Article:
Counselor Led, Academic Accountability Groups
Our Academic Accountability Groups are for ALL students (Fr, Soph, Jr, and Sr) below the university's GPA average (2.5) who want to learn how to make a 3.0 semester GPA more consistently.
Groups will consist of no more than 6 students and will meet for 50 minutes once a week for 15 weeks.
To be accepted into a group, counselors screen for students who:
1. are committed to changing their behaviors in order to do well in school
3. are okay with sharing how well they are doing keeping up with their study plan and the grades they are making
4. are willing to show up on time and every week for the group (we start the second week of school)
5. are appropriate for a group setting (ex: able to share and encourage others and not needing more individualized help)
The group has 2 main goals:
1. Help students who are below the average University’s undergraduate cumulative GPA, earn a 3.0 or higher semester GPA.
2. Help students keep themselves accountable to using the study formula, techniques, and sticking to the study plan we created.
Counselors will help the members in their group with time and stress management. They will also help the members of their group learn how to be more organized and how to use accountability techniques to help them stick to their goal.
How to apply for a spot:
You must have your class schedule finalized, before you can meet with a group leader. If you were suspended and let back in on appeal, please contact us after you finalize your schedule.
Look at the days and times being offered below and email the counselor that will be leading a group you want to join.
In your email you must:
1. Tell the group leader why you think being in an accountability group will help.
2. Give a list of all the days and times you will be able to meetbefore the first group meeting takes place.
3.Print the Accountability Group Contract, read it, and bring it with you to your first appointment. Everyone will have one pre-meeting before the group begins meeting.
The pre-meeting will put you on a waiting list for the group you want to join and does not imply acceptance into the group (We only have a limited number of spaces available.)
4. Include your W# in your email (Always do this when asking for help, so we know exactly who you are.)
When, Where, and Who:
The following is the list of the group leaders and what day and time they will meet.
The meetings will be held in Southeastern Hall and the room # will be announced upon acceptance into the group.
Day group will meet
Time group will meet
Current Status of the group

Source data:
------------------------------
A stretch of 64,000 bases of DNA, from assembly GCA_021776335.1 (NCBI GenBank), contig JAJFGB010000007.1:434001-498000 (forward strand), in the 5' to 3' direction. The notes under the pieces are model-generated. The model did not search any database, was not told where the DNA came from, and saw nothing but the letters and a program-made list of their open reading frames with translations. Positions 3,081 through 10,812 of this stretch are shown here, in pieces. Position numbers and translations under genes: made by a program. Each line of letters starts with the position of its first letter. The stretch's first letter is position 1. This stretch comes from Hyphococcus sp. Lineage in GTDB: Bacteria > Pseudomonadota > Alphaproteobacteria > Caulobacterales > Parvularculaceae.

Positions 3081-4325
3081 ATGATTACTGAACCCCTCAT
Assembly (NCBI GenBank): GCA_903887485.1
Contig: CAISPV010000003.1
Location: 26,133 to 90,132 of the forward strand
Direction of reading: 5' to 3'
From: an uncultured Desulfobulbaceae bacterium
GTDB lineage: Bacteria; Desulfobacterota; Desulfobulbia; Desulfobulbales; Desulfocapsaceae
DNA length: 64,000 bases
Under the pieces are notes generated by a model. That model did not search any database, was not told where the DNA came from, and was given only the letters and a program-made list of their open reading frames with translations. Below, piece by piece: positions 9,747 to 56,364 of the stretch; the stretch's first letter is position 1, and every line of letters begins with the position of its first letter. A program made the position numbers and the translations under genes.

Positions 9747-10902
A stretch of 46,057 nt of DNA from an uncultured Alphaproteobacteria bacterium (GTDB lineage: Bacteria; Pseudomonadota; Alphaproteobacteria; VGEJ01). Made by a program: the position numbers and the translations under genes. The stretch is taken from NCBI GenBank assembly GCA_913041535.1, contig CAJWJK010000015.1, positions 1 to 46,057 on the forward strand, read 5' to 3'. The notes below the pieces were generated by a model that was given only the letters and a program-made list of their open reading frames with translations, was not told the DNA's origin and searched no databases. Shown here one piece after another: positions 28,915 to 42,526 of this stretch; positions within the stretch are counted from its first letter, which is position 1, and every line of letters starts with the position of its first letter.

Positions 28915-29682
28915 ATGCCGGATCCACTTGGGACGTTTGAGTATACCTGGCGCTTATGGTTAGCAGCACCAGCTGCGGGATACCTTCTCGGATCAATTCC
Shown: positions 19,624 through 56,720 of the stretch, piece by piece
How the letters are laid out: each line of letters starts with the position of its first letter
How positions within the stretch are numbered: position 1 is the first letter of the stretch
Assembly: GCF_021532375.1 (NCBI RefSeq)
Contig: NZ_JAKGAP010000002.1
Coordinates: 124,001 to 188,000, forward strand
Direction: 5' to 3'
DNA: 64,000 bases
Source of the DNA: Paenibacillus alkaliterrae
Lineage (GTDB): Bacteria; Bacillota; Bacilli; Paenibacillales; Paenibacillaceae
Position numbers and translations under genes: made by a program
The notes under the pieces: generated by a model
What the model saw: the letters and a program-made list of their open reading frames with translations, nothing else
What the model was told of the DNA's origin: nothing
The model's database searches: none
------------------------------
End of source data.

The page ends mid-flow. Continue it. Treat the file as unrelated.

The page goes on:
*This is a special probation intervention group for the following majors: CJ, SOC, and PSYC
Can being part of a group help me?
The great advantage of working in a group is that you not only can count on the expertise of the counselor who facilitates the group, but you also get to know other students who are going through similar issues as you. The group is able to give support and offer an environment where new behaviors are learned. People in a group begin to see they are not alone or entirely unique in their problems. Groups have been found to be very effective in helping people resolve difficult situations. Group members are challenged to learn new behaviors or skills that will help them reach their goals.
Can I trust that this group will be confidential?
If you are on academic probation, your Academic Dean, Department Head, or current Academic Advisor will want to know if you are in a group and if you are fully participating. This information will be shared with them, upon their request, for your benefit. All personal conversations within the group will not be shared with anyone outside of the group.
The staff is ethically committed to confidentiality and federal and state laws require
personal conversations to remain confidential. The issue of confidentiality is an
important one which is always addressed in the group immediately. Group members are
asked to make a commitment to protect each other by agreeing not to divulge details
which would identify you outside of group. While it is okay to share your own group
experience with friends or family, it is not okay to discuss other members in any
way. While our staff cannot provide you an absolute guarantee of confidentiality,
since we cannot control every group member, our experience shows that students really
respect each other’s privacy because they want their privacy respected as much as
Several issues do not remain confidential and are based on the issue of protection. If someone appears to be planning harm to self (suicide), harm to others (homicide) or is aware of children or elderly individuals who are being abused, the counselor is legally bound to break confidentiality in order to provide individuals the assistance they need.